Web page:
on the law.
"The bottom line is there is no recommendation from our committee
to the City Council to repeal the ordinance because we didn't speak
with a three-fourths majority voice," said Frank H. Whitehead III,
committee chairman and landlord attorney. "We decided, unless we
could come to some kind of consensus that was something more than
[around] 50-50, we would not make a recommendation."
The vote followed a subcommittee report proposing amendments to
improve a law many tenants and landlords have complained is flawed.
The report is one of four submitted by subcommittees to address
rental-housing affordability, habitability, outreach and the
ordinance. The reports will be included in a comprehensive report to
the City Council sometime in September.
After nearly three hours of deliberation at its meeting Thursday,
nearly all the subcommittee's recommendations were adopted, including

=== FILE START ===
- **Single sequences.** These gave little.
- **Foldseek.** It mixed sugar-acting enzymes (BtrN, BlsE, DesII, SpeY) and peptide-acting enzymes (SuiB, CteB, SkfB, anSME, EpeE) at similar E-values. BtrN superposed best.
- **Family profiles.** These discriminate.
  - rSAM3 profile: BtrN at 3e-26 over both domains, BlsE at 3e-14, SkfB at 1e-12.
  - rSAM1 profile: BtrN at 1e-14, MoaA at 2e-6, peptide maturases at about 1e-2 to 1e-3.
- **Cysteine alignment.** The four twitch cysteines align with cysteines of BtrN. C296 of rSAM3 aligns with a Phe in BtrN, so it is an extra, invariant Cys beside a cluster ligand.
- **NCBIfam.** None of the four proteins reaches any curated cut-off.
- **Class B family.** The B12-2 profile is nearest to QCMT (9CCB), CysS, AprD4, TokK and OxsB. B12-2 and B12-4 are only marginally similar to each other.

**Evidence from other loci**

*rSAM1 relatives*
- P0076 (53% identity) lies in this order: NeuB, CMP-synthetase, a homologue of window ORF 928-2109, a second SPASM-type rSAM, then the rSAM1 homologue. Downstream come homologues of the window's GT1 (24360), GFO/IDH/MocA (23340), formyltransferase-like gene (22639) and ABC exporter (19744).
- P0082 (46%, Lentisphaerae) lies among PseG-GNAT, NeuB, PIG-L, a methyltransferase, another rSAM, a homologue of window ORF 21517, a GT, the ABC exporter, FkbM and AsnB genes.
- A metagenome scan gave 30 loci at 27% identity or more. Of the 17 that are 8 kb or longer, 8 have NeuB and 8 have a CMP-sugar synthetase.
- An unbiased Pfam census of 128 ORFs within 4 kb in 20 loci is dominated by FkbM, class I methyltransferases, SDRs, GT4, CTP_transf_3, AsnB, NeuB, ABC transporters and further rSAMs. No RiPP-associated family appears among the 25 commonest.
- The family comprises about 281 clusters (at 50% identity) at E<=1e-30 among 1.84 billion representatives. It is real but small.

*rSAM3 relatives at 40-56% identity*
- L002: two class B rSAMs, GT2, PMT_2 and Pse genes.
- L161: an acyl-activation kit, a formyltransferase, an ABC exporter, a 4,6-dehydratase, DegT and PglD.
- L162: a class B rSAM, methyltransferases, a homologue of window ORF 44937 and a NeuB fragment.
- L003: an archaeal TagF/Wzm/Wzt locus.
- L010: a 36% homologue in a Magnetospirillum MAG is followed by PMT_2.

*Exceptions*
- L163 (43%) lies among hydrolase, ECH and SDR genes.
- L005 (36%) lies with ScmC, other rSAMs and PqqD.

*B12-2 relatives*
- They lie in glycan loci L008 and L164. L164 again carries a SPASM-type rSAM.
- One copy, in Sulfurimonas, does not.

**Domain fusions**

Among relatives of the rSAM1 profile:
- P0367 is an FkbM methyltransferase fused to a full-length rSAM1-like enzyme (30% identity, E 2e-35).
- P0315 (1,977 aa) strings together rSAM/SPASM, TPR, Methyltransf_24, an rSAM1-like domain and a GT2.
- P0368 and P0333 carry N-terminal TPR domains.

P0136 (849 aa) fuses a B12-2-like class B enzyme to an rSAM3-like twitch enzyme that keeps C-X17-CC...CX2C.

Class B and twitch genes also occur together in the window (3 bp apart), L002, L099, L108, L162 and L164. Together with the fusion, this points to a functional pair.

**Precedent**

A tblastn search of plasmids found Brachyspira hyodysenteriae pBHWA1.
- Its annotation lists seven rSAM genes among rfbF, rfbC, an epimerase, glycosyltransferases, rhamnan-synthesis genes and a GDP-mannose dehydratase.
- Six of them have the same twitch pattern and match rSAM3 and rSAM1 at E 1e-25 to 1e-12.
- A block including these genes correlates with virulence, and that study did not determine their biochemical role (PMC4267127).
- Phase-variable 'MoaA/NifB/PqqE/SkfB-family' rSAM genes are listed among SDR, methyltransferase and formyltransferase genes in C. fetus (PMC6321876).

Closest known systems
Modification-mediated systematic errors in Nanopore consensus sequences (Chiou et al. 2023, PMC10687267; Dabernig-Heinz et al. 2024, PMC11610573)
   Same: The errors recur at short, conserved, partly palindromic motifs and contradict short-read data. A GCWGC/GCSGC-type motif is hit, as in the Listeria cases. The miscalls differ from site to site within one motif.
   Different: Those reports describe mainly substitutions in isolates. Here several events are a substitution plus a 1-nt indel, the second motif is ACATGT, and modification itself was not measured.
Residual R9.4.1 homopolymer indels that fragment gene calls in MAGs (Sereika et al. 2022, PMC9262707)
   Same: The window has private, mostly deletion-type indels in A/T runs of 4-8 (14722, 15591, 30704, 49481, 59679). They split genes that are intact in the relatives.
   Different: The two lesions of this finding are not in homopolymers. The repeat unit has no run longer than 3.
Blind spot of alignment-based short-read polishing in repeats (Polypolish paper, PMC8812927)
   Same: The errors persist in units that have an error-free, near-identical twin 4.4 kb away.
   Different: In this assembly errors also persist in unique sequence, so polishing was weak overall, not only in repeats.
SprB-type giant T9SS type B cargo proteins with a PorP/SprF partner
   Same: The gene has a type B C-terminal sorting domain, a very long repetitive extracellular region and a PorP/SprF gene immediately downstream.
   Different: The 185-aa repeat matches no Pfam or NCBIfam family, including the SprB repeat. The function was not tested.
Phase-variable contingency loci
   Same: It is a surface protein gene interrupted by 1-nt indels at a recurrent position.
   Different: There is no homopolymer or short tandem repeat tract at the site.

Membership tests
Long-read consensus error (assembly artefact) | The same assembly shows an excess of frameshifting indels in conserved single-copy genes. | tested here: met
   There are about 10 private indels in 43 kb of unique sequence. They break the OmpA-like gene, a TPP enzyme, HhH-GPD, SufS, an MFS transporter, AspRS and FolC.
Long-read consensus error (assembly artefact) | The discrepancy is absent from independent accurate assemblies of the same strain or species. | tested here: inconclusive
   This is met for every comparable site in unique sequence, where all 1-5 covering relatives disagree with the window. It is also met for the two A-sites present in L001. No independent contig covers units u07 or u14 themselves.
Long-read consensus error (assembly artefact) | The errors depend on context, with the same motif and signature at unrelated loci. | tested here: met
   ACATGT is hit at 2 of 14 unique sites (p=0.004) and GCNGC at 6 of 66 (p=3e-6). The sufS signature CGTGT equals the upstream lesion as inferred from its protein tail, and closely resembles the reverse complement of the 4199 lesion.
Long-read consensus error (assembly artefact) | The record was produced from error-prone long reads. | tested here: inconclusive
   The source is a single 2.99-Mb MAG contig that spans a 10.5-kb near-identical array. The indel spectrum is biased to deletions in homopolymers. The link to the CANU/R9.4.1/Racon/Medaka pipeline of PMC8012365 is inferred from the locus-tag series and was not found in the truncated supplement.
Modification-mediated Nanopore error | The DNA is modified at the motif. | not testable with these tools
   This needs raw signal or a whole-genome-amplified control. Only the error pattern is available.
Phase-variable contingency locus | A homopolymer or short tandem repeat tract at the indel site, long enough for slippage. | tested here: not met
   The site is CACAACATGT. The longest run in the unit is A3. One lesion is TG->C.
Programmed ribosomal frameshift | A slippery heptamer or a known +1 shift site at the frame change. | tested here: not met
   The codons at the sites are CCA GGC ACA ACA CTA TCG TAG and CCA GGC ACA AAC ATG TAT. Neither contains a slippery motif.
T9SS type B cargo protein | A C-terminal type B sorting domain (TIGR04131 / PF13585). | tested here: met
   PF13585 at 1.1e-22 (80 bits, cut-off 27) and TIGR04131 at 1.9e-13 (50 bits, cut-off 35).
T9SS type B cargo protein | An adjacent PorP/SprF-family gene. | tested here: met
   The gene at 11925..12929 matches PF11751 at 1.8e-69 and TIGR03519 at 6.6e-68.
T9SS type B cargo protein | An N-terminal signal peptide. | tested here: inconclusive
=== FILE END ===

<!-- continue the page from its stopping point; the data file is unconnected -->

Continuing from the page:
more exemptions for landlords and relocation assistance for tenants
under special circumstances. Greater measures to notify tenants of
their rights and increases in penalties for ordinance violations were
Proposals not meeting the three-fourths vote requirement,
including ordinance repeal, will be included in the report, with
arguments for both sides.
Ken Carlson, president of the Glendale Tenant Assn. and a
committee member, dismissed the repeal vote. Carlson voted against
"This is an appointed group and it is stacked two or three to one
against tenants, so if a majority of this selected group favors a
course of action, it's really just along party lines and not
reflecting the voice of the community," he said.
Patrick Liddell, landlord attorney and the committee member who
made the motion to repeal, said the three-fourths requirement was
adopted to address Carlson's concerns with the imbalance.
"Obviously, we want to make sure there is at least an appearance
of fairness on this, so I think it's clear that, unless there is a
true consensus of the committee, there will be no recommendation to
the City Council," he said.
Whitehead defended landlord and tenant advocates who have used the
committee to advance their positions.
"There has been some posturing and speechmaking, but that's a
necessary part of the process," he said. "That's one of the reasons
we were brought into being -- to go through that process on behalf of
the City Council so they wouldn't have to take the time to do so."